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Inspired by the Islamic repeated geometric infinity patterns, which are thought to reflect the language of the universe and help the believer to reflect on the greatness of creation, this project transforms site-specific observations into geometric pattern trying to link these fundamental structures to the everyday surroundings. A crystallization takes place. But the result is not an idealized view on nature but a series of handmade uneven shapes, which through their geographical starting point embody nature as an environment comprising specific environmental problems, social and sustainable concerns.

The set of is site-specific observations of the Rif Mountains near Tétouan in northern Morocco.The Rif Mountains are beautifully covered with green fields, but at the same time this picturesque view actually camouflages social and environmental problems in the area. The fields are all illegal cannabis plantations, or Kif as the locals call it.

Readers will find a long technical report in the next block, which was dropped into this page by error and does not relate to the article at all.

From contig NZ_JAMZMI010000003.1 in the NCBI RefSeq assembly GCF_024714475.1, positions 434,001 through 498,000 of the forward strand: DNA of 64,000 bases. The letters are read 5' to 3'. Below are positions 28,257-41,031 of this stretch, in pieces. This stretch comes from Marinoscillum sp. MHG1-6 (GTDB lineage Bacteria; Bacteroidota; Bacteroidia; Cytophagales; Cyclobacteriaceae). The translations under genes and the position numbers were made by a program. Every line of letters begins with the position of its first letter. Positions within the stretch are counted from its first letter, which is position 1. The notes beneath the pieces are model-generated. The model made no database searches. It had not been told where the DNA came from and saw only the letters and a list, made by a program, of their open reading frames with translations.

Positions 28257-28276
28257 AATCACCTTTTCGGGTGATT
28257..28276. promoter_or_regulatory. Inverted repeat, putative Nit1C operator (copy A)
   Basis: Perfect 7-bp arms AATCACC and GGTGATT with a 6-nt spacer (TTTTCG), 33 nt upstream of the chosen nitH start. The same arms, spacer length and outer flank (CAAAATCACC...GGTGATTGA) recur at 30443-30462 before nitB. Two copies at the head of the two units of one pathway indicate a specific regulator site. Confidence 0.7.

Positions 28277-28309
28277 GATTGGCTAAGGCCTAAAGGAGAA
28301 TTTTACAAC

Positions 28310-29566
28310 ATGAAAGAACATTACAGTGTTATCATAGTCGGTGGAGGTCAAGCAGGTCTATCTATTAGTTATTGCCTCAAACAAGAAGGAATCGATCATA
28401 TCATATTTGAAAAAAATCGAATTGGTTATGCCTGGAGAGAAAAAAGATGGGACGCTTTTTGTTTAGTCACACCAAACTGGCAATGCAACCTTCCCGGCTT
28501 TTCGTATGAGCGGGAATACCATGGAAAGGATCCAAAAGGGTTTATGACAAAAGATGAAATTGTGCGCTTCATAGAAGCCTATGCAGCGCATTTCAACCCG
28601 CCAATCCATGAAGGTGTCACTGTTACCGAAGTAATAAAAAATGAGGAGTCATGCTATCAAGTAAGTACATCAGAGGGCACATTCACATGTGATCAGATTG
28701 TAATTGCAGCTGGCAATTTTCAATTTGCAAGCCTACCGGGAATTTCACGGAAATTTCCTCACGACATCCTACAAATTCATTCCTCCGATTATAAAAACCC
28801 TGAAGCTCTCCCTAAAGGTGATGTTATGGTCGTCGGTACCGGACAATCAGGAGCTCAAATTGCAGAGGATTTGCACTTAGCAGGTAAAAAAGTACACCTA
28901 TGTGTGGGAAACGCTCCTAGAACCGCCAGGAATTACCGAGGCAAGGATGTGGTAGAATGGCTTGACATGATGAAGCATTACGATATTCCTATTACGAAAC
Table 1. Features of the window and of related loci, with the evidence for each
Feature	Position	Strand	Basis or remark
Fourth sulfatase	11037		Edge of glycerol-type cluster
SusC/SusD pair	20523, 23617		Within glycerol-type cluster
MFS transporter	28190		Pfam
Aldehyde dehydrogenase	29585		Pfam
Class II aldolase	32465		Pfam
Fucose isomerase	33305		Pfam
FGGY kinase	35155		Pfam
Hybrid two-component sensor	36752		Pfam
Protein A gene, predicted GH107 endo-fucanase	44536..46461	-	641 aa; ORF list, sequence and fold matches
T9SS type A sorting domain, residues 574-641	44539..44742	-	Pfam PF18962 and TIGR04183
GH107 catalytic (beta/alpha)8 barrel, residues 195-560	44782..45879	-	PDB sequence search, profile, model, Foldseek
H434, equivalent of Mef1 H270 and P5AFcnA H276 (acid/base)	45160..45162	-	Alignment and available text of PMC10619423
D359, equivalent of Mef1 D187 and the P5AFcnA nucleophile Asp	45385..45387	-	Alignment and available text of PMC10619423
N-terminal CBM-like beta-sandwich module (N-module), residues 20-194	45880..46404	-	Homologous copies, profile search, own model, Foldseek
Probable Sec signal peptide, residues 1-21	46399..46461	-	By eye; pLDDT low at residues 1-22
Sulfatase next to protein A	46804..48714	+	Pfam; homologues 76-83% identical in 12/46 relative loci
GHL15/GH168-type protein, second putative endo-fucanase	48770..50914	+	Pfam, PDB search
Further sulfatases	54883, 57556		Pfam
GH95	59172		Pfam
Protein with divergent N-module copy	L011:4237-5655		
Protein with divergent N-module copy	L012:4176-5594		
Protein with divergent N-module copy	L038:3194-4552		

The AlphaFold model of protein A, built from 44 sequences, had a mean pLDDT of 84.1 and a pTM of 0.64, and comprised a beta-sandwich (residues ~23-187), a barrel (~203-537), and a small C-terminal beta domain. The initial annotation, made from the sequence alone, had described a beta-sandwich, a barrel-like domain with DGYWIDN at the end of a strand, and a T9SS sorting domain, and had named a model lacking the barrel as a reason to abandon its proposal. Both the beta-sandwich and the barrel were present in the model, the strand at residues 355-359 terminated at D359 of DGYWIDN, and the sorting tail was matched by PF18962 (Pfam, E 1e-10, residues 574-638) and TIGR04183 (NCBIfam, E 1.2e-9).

The crop has been cultivated in the northern region for centuries, where the climate for growing cannabis is considered ideal. Cannabis cultivation in the Rif probably dates back as early as the 11th century BC. Authorized by the Spanish, who ruled northern Morocco as a protectorate from 1912, the crop remained legal until the 1970s. Since it was banned, efforts have been made to introduce alternative forms of agriculture and livestock such as cows and goats from Europe. But farmers insist there is not enough grass for livestock, and that it is too cold to grow other crops. This cultural and social problem affects at the same time the environment as it causes a massive deforestation mainly due to forrest clearing for agriculture. The deforestation has led to soil degradation due to the washing away of topsoil, which has aggravated the process.

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